Since half of 8 quintals of wheat is claimed by the local landlord, Mubarik and his family are left with only 4 quintals.
The MSP of wheat is Rs 1,840 per quintal, as approved by the Cabinet in October 2018.
If one multiplies Rs 1,840 by 4, Mubarik’s annual earning comes to just Rs 7,360.
It was for this reason that the family was looking forward to the purchase of the cow, which could have helped boost their finances.
Lynching Not Enough, Charges Slapped Too
A few houses away, Azmat Khan’s mother looks longingly at the empty cow shed where a wooden ladder rests these days.
Azmat is an eyewitness in the case and was accompanying Pehlu Khan in another pick-up truck. Showing a receipt issued by the municipal corporation of Jaipur, dated 1 April 2017, Azmat asks in an irate voice what they had done wrong.
“The accused got bail within a span of one month and charges were slapped against us saying that we were cow smugglers.”Azmat Khan, Eyewitness in Pehlu Khan’s case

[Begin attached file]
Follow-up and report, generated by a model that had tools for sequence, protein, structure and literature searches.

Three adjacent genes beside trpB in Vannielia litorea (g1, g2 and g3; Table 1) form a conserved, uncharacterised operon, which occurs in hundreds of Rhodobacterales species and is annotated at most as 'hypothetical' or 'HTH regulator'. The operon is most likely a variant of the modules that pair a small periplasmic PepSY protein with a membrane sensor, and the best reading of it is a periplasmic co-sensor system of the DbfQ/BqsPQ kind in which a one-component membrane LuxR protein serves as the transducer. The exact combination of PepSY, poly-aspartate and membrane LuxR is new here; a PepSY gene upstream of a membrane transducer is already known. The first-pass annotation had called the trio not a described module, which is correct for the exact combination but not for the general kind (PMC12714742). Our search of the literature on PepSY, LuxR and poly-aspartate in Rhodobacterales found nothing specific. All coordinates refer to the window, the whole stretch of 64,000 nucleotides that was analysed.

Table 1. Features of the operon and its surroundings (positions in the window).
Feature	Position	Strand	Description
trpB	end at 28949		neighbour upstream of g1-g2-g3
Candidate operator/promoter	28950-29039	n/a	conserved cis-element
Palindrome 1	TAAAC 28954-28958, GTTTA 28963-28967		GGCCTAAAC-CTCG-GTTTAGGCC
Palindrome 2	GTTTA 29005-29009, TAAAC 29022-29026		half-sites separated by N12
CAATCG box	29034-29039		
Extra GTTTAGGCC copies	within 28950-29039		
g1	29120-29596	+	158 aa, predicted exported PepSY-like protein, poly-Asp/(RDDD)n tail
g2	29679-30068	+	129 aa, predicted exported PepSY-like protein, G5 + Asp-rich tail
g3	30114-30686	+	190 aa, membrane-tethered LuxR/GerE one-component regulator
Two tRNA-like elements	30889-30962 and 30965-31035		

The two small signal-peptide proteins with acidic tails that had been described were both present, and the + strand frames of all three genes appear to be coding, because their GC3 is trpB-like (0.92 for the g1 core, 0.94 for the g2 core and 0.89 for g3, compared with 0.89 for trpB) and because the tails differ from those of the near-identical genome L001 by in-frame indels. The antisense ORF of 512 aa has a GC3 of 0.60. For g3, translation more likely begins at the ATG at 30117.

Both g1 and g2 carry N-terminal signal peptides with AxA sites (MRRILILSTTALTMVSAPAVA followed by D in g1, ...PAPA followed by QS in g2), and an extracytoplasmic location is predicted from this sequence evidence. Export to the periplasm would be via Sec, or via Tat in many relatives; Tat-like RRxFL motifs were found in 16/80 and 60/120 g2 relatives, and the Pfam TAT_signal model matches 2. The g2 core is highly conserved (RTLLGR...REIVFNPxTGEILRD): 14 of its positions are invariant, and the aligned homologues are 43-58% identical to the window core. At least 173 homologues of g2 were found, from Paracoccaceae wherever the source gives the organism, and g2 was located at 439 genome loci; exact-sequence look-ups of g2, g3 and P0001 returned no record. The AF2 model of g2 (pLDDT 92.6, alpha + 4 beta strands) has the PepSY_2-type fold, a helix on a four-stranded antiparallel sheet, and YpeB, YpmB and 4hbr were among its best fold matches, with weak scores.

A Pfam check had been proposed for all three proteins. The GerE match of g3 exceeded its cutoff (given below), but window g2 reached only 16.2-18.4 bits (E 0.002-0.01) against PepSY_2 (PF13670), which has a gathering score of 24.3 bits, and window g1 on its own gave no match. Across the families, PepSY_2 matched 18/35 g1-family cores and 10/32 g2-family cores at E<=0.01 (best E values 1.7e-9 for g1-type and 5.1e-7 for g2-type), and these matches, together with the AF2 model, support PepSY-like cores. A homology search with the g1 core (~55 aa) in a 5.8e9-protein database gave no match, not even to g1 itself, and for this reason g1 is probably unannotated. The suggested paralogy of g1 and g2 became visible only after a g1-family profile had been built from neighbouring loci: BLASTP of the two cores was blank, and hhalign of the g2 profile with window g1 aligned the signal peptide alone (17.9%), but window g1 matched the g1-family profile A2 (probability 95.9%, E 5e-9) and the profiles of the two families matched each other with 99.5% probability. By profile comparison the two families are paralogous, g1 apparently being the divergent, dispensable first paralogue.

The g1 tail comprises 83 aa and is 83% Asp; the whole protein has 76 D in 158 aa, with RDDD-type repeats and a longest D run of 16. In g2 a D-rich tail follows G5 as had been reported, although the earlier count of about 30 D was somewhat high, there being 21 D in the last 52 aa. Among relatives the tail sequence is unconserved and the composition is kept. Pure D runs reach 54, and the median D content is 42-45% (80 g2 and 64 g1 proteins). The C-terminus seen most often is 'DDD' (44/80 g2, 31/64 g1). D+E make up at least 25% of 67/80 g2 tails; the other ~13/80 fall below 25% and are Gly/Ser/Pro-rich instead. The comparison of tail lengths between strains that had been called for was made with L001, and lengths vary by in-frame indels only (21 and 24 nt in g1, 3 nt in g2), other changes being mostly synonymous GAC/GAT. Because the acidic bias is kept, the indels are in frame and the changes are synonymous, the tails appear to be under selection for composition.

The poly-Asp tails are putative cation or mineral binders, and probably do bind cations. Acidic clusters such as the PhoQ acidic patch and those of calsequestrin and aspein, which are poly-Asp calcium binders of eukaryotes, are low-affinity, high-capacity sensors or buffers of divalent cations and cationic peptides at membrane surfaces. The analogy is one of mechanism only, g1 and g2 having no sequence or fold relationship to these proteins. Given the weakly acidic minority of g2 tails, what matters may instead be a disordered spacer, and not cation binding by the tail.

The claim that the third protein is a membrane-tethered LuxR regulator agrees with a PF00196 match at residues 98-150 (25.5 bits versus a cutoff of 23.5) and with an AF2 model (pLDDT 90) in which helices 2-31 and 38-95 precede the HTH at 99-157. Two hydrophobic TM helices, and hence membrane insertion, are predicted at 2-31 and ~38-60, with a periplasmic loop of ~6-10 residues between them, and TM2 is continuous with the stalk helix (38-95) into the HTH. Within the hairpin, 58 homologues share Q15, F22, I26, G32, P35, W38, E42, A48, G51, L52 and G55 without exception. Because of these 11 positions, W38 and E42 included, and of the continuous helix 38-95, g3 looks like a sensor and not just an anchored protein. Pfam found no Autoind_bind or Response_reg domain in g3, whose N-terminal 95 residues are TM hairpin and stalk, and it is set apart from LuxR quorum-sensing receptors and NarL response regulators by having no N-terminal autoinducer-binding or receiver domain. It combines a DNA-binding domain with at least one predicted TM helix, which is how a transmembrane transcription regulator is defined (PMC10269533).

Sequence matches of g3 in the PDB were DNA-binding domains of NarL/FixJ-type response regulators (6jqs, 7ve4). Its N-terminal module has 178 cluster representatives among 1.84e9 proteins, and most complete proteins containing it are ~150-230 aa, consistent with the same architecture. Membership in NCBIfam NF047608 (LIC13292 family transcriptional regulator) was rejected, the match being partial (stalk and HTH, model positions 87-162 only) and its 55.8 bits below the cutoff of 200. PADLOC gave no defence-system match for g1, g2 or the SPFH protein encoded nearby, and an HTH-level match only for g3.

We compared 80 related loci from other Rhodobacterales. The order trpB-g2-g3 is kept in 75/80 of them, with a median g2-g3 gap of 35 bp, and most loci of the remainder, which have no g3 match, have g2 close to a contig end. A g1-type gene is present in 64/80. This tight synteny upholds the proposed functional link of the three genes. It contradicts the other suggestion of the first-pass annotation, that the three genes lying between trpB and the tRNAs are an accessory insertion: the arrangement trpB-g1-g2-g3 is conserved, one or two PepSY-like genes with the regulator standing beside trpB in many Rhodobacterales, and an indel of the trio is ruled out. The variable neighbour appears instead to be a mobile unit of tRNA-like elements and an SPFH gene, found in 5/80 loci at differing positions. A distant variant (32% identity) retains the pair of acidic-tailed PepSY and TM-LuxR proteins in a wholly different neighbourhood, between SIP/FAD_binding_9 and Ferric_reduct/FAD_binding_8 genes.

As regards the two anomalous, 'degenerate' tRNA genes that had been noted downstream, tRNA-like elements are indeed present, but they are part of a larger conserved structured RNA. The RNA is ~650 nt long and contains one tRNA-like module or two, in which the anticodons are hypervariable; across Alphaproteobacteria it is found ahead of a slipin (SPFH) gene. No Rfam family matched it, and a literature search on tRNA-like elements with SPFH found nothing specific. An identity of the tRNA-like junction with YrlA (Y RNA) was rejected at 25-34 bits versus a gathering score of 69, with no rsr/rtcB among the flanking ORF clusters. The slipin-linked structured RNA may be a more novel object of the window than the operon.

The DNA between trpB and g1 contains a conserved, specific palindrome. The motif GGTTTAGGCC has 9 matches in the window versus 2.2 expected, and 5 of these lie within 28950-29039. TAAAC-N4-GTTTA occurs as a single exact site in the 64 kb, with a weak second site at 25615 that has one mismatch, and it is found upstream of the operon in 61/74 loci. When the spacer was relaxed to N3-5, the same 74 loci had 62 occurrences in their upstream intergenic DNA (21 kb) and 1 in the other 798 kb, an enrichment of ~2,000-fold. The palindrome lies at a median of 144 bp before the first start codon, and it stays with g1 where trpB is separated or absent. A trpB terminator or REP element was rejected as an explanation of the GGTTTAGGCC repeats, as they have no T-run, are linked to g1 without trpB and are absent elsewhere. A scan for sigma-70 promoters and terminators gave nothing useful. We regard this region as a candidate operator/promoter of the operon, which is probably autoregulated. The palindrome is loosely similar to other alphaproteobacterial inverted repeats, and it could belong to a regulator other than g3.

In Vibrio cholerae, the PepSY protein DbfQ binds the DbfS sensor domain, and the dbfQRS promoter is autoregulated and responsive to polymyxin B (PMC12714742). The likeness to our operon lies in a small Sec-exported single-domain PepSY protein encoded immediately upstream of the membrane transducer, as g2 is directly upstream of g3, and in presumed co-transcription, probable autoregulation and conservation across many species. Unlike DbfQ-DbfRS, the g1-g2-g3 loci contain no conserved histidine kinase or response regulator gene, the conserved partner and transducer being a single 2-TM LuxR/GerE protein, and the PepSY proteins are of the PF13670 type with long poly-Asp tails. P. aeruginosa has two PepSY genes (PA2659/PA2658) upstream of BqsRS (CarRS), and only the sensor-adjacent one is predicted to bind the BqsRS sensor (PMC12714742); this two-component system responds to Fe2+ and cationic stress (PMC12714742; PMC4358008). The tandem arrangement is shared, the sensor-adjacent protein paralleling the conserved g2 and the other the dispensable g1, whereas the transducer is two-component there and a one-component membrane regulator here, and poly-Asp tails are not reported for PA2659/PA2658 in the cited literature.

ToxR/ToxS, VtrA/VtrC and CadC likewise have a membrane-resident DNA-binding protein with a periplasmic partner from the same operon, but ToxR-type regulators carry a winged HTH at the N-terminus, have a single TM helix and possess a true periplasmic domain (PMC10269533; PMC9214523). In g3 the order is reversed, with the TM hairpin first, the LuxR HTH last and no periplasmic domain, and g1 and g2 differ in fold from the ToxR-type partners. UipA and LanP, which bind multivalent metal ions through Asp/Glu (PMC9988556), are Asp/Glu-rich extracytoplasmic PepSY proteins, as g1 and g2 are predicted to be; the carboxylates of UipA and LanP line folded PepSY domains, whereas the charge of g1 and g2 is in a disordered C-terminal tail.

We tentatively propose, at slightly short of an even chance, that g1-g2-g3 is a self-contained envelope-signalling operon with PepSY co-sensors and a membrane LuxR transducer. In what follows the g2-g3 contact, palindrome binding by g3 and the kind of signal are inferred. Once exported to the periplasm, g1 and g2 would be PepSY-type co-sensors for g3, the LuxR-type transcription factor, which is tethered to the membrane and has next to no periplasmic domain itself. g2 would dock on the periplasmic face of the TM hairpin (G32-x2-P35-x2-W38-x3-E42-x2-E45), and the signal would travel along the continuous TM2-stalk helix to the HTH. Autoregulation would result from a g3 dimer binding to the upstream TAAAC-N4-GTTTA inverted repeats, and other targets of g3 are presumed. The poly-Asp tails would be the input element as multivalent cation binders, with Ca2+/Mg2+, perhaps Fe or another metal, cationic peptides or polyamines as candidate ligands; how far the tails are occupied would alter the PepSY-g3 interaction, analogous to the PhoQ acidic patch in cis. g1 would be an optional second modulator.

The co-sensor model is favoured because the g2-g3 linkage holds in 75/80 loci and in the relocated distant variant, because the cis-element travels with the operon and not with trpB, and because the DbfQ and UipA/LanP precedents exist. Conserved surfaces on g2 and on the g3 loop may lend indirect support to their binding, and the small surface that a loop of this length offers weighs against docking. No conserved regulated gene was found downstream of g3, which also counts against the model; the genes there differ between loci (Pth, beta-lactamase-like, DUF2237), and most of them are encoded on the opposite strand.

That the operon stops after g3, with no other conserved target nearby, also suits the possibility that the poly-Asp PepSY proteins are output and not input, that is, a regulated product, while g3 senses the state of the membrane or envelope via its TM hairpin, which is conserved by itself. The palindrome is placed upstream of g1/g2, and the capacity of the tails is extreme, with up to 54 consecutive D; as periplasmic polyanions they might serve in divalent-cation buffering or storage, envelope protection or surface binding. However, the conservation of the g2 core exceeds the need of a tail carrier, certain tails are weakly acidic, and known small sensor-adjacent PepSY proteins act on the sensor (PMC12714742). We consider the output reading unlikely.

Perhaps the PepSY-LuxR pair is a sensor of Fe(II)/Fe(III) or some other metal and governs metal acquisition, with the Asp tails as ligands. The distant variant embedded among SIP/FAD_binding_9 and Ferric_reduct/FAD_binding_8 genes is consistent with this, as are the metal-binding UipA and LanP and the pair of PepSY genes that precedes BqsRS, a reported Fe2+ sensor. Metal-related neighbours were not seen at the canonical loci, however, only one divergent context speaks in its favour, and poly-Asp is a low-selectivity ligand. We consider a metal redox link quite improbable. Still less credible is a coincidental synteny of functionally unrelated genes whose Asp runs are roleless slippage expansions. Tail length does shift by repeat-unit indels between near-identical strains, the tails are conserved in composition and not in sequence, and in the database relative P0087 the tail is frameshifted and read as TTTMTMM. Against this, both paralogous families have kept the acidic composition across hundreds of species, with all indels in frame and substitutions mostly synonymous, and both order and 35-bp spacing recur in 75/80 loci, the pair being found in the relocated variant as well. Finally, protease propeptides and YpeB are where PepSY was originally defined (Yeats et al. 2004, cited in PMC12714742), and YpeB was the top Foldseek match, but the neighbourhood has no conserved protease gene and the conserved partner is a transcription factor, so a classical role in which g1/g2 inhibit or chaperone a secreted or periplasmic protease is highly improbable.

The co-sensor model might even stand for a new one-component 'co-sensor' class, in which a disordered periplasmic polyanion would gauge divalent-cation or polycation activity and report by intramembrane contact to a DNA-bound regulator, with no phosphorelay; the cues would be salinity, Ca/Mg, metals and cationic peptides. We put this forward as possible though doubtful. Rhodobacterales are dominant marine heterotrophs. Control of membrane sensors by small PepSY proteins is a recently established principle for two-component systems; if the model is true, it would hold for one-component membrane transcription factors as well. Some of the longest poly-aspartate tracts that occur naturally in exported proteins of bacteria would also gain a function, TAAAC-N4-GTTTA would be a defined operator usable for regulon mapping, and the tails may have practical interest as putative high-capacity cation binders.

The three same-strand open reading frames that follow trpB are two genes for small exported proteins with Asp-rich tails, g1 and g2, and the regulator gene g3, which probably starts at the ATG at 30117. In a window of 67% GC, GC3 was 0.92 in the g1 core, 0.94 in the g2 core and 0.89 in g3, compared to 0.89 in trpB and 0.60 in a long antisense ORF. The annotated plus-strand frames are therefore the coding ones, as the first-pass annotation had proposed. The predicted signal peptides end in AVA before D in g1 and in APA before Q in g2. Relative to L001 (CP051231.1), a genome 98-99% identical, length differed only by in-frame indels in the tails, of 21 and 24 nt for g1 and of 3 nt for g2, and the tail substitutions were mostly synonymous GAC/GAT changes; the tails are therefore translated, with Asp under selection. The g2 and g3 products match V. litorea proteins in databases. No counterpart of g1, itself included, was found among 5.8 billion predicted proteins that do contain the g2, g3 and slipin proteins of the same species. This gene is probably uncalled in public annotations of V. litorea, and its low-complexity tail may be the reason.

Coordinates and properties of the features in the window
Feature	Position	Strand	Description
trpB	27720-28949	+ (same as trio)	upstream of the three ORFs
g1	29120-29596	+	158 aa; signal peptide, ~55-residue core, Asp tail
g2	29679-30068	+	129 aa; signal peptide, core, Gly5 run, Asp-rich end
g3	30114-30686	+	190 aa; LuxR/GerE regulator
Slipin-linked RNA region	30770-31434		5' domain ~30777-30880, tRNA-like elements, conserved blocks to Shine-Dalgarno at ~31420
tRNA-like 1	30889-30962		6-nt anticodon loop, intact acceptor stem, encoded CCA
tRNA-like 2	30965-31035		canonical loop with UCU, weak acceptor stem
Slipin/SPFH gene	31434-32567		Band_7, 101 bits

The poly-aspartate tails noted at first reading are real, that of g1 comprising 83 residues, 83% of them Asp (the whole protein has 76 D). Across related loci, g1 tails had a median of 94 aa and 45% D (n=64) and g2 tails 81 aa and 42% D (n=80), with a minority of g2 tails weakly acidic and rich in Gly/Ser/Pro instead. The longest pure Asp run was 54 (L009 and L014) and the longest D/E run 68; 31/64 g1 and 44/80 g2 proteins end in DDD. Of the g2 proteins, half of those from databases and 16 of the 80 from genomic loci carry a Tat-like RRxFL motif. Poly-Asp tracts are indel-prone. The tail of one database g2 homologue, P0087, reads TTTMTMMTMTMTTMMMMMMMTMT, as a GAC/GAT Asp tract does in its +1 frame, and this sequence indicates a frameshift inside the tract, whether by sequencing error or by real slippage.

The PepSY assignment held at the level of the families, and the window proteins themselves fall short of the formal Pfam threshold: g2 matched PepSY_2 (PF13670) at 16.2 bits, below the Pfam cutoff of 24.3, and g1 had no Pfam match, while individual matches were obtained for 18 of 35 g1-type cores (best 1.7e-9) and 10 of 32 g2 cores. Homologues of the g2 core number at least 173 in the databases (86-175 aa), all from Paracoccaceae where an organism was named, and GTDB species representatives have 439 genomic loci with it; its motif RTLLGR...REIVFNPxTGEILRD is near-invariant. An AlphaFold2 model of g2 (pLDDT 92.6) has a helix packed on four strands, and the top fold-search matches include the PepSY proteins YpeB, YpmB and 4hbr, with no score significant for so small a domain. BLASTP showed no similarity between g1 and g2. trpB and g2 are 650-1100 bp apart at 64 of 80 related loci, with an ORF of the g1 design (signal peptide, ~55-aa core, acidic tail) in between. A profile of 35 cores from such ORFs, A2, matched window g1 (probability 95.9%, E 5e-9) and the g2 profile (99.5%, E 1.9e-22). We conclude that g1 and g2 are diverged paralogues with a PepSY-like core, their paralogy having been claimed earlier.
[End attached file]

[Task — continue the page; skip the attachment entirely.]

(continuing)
Six accused in the Pehlu Khan’s were given a clean chit by the Rajasthan police in September 2017.
On 29 September 2018, Azmat and Pehlu’s elder son Arif were shot at while the duo were on their way to appear at the trial court in Alwar.
Raising questions about the glaring holes in the investigation, Azmat wonders why justice has been denied to them.
“Till date, we have not been called to the court and asked to identify the accused.”Azmat Khan, Eyewitness in Pehlu Khan’s Case
Impact of Lynchings in Haryana’s Mewat Region
Haryana is among three states, along with Uttar Pradesh and Rajasthan, that has reported the highest number of lynchings since 2014.
Pehlu Khan is not the only victim in the state who lost his life during a spate of lynching incidents across the country.
In June 2017, 16-year-old Junaid was stabbed to death on board a train following an argument over seat. Junaid and his brothers were attacked by a mob on suspicion of carrying beef.
In a state with 7.03 percent Muslim population, as per the Census 2011, will lynching have an impact on BJP’s electoral prospects?